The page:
7. Ensure you include the Critical modifier if any of the first rolled d6s were criticals, which is a -1 to the enemy Constitution.
  8. Remember that even though you can roll high numbers, your weapon will have a max damage value that will likely reduce the amount of damage you can deal per hit.

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And before you think that is a lengthy process , that’s not all of it. There is still the save process for the defender, which can involve several saves of different types. Then there is damage resolution, where damage is applied to different locations within the hit box. Then there are the Follow-ups the defender can use against the attacker. That is a long process just for one attack. I’m sure those who are adept at the rules can probably cruise through pretty quickly, but it is pretty daunting to new people.

The magic system seems fairly straightforward. I uses the same hit/wound method as melee, but with different saves (I think). I did come across a problem when a vital piece of data required to run the Mage wasn’t present within the demo. I contacted Mathew to let him know and get that info, so it should be present within the next update or FAQ.

Since I gotta have some positives in here somewhere, and stop just ragging on all the hard work this team has done, here are some things I like:

The artwork is well done and suited to purpose. I’ve seen some dodgy artwork in RP books before, or the odd mix of some awesome pictures and some terrible ones, but not in this case. The general idea of the Bloody Quest in total is quite interesting, I see it as a cross between a standard RPG and a miniatures-based wargame, since the focus is absolutely on the combat side of the game. Miniatures are a must for playing the game, whether they be proper ones or the supplied tokens that you can print out. The movement system takes a more free-form system, disposing of the grids and just using inches. The downside is you need a tape measure or something of a similar nature.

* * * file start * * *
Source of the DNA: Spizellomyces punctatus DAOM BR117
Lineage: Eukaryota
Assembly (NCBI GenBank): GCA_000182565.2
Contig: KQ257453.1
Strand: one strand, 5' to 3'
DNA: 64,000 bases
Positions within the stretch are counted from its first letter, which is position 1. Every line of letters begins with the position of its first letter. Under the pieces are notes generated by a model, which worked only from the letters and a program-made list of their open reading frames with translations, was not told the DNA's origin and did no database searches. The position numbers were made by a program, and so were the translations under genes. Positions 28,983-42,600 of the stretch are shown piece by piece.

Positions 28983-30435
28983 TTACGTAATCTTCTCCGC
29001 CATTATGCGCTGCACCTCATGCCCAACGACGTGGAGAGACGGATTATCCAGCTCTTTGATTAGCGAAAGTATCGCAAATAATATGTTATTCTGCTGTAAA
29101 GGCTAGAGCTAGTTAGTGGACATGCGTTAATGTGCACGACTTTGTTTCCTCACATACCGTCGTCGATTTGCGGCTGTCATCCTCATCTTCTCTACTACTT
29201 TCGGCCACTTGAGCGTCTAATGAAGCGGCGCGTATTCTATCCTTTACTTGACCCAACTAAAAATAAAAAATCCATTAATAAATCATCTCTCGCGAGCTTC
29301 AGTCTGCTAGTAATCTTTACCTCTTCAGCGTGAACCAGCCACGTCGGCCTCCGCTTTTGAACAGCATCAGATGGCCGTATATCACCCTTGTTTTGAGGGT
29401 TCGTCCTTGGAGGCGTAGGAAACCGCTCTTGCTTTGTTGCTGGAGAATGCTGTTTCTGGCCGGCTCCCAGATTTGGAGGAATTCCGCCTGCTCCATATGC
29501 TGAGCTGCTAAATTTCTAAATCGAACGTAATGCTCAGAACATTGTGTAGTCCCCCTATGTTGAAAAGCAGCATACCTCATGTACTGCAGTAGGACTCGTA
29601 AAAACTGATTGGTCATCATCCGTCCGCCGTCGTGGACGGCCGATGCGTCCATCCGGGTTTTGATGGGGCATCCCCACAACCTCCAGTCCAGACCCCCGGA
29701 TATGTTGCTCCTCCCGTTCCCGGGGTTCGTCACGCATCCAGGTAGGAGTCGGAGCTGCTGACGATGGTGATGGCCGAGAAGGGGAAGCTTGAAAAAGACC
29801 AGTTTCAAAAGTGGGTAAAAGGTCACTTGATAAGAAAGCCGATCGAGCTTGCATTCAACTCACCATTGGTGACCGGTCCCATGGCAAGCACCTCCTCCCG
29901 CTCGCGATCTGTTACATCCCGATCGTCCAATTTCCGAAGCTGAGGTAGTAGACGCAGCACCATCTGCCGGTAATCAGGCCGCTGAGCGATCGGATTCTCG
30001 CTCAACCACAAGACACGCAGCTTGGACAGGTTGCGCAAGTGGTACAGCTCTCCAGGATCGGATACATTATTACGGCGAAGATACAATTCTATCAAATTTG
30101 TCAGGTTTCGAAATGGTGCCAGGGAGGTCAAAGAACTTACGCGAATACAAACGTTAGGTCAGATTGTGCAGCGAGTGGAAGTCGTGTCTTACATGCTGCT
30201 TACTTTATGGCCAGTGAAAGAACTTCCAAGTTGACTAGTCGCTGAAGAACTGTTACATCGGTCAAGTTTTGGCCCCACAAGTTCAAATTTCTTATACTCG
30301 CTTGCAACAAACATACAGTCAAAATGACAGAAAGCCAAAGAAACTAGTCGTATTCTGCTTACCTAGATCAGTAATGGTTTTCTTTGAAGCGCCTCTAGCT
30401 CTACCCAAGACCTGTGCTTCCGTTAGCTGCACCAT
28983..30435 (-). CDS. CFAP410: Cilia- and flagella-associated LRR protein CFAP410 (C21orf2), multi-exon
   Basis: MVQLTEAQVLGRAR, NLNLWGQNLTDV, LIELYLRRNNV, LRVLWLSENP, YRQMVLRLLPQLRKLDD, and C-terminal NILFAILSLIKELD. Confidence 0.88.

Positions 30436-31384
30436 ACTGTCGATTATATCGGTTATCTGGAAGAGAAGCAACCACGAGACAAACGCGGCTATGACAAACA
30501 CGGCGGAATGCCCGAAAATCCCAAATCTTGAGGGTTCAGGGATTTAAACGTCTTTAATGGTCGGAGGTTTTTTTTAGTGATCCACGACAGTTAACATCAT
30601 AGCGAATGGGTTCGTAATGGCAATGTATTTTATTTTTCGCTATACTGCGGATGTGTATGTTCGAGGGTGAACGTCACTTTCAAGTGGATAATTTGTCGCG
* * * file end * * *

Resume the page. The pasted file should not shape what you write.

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So now the TL;DR

If you like heavy combat, miniature based RPGs, and don’t mind tackling some slightly complicated rules that might get easier once you get your head around them, then this game could be for you. However, I don’t overly enjoy those sorts of games; I like RPGs with more open, freeform rules, and where I can employ ‘Theatre of the Mind’. Often, my games are played where we are sitting around in the lounge, on couches and such, and have no main table. Bloody Quest needs a table, and needs that big map with the miniatures on it.

I think this demo could even be doing the opposite of what it is intending to do because of the unfinished nature of the rules themselves. Instead of making me want to play the game, it turned me off the idea somewhat. As a person who has played so many different systems and learned so many rules, when I looked through the Bloody Quest demo, I was a bit turned off because it was all over the shop with no index to easily find specific rules and certain parts missing completely. This is not saying that the demo is bad, it just didn’t meet my expectations, but that could be because mine are too high. Once the progression of the game has gone further and a more finished and more polished product exists, I would be happy to look at it again, but I’ve put the demo aside and shan’t be looking at it again.

The Bloody Quest demo is available as a free download from the Bloody Quest website which also includes a lot of imagery and information.  You can also follow the game on Facebook.